Mumbai: The demand for hubs for nightlife gets new push after 5 hours of nodding for new year ’ s eve

MUMBAI: With new year’s eve celebrations in Mumbai allowed till early morning in the past three years having gone off without a hitch, the campaign for nighlife hubs in the city has gathered fresh momentum. While hoteliers have advocated once again the creation of overnight enterntainment zones, Shiv Sena leader Aaditya Thackeray has urged chief minister Devendra Fadnavis to clear legal obstacles in keeping bars, pubs and restaurants open 24x7 in the city’s non-residential areas.

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In a letter sent to the CM recently, Aaditya stated, “I take (the) opportunity to remind you of the proposal of the BMC, first passed in 2013, then approved by the then commissioner of police in 2015, and now legislated by the state in 2017 for shops, to let non-residential areas in Mumbai and other cities be open 24X7. The proposal is awaiting your approval from the home department for a few months now and is foolproof.”

TimesView TOI has strongly and consistently advocated the idea of 24x7 entertainment zones in non-residential areas. These will not only result in job creation and revenue generation but will make Mumbai culturally much more vibrant and a fun place to be in, restoring its status as one of the world’s leading cities. In no place around the globe are restrictive laws and timings seen as hallmarks of greatness but, rather, exactly the opposite.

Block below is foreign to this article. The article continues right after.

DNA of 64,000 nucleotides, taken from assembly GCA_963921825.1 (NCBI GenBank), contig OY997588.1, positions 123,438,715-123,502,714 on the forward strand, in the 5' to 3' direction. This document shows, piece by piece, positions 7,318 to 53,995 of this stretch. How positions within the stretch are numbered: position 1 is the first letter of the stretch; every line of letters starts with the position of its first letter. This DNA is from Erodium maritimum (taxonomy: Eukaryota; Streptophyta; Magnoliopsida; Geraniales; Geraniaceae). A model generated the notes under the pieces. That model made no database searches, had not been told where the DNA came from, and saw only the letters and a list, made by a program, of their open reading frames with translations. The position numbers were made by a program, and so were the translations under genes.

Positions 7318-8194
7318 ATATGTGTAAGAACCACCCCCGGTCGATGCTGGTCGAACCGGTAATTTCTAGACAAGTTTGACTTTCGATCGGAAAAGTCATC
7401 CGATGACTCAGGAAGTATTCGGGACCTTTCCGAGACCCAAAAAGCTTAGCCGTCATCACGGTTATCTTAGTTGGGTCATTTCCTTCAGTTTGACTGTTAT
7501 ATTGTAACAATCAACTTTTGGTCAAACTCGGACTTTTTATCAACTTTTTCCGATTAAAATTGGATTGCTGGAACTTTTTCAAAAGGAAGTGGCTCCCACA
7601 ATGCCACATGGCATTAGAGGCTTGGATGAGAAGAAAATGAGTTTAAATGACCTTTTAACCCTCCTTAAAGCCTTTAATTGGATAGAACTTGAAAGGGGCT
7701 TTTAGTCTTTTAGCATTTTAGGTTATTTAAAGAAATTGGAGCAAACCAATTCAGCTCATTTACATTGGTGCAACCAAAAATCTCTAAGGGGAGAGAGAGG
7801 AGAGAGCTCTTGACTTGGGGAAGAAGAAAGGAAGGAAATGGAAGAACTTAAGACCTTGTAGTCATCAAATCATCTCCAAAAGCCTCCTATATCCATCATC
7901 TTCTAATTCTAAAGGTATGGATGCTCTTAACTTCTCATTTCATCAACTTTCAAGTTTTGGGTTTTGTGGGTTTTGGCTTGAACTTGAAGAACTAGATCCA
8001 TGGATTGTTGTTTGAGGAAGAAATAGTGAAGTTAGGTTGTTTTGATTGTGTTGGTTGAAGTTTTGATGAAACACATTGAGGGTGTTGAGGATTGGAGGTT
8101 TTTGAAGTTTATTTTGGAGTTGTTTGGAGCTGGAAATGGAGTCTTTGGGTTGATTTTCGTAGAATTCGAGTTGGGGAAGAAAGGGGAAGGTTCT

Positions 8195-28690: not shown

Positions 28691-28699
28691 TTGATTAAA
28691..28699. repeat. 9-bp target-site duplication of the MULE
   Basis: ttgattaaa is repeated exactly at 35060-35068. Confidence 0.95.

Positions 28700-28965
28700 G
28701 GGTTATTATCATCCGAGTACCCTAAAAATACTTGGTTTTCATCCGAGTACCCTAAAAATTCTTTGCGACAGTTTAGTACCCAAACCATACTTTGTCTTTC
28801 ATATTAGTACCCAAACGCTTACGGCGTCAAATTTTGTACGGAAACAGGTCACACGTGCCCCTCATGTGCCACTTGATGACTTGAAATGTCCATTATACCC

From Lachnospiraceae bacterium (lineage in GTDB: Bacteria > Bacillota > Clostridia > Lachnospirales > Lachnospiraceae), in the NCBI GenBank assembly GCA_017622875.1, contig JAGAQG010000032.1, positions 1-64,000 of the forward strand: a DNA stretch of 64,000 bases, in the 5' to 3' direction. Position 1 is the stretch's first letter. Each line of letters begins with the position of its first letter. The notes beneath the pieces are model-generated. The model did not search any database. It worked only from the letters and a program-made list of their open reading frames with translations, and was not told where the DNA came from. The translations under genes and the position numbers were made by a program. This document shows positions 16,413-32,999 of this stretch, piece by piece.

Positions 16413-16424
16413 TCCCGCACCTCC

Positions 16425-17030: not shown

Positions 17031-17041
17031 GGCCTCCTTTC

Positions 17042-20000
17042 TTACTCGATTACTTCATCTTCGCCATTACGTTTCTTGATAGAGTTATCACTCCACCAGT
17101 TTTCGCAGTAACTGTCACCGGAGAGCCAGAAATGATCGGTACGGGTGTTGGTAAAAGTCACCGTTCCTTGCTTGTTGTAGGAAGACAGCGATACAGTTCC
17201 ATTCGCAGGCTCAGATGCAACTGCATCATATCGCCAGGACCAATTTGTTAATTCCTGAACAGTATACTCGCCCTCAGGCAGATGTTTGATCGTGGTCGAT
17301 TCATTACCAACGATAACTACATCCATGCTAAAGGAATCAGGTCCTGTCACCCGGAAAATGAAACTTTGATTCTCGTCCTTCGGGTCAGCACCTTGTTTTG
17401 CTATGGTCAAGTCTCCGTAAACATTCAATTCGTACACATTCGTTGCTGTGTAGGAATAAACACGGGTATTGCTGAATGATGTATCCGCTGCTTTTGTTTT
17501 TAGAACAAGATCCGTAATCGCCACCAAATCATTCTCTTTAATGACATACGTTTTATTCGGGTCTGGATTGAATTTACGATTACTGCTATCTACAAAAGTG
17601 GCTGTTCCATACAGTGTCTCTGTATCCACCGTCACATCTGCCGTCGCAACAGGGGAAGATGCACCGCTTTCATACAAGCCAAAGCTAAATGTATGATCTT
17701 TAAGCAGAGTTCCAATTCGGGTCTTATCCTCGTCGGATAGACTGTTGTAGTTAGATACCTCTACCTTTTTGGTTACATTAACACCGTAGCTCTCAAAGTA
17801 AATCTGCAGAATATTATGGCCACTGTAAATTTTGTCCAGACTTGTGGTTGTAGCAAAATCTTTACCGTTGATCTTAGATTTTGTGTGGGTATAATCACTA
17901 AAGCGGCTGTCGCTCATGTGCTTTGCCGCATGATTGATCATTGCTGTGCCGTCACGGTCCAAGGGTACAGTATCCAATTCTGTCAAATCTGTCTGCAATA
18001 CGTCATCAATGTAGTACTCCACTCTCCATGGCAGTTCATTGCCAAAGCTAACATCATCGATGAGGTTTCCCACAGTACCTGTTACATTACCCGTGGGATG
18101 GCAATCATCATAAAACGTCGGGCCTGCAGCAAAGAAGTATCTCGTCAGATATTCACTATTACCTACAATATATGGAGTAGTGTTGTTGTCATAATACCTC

The state government had in December 2018 allowed liquor joints to stay open till 5am on new year’s eve, a move that met with success without any law and order problems cropping up. The state had in 2015 given in-principal approval to the idea after the BMC gave its nod for it in 2014. The following year, the Bombay high court restrained the state from implementing the proposed move until the government looked into the safety of women, and the state responded by telling the court it was yet to take a decision in the matter. Later, in 2017, the state allowed shops and retailers to stay open 24x7 but bars, pubs and restaurants were kept out of the purview of the decision.

“The government has to extend the same freedom to us. The industry has always cooperated and is committed to ensuring safety and security of citizens in the night,” AHAR member Sukesh Shetty said.

Hotel associations such as AHAR, the Federation of Hotels and Restaurants Associations of India (FHRAI) and Hotels and Restaurants Association Western India (HRAWI) had earlier recommended 18 non-residential pockets in Mumbai as 24x7 hubs. “But no formal proposal was drafted by the government,”Pradeep Shetty of HRAWI said. “In the absence of a framework or any experiment in any area, the legislation has been delayed. It should be cleared now,” AHAR president Santosh Shetty noted. Aaditya stated in his letter, “What is legal during the day cannot be illegal at night.”

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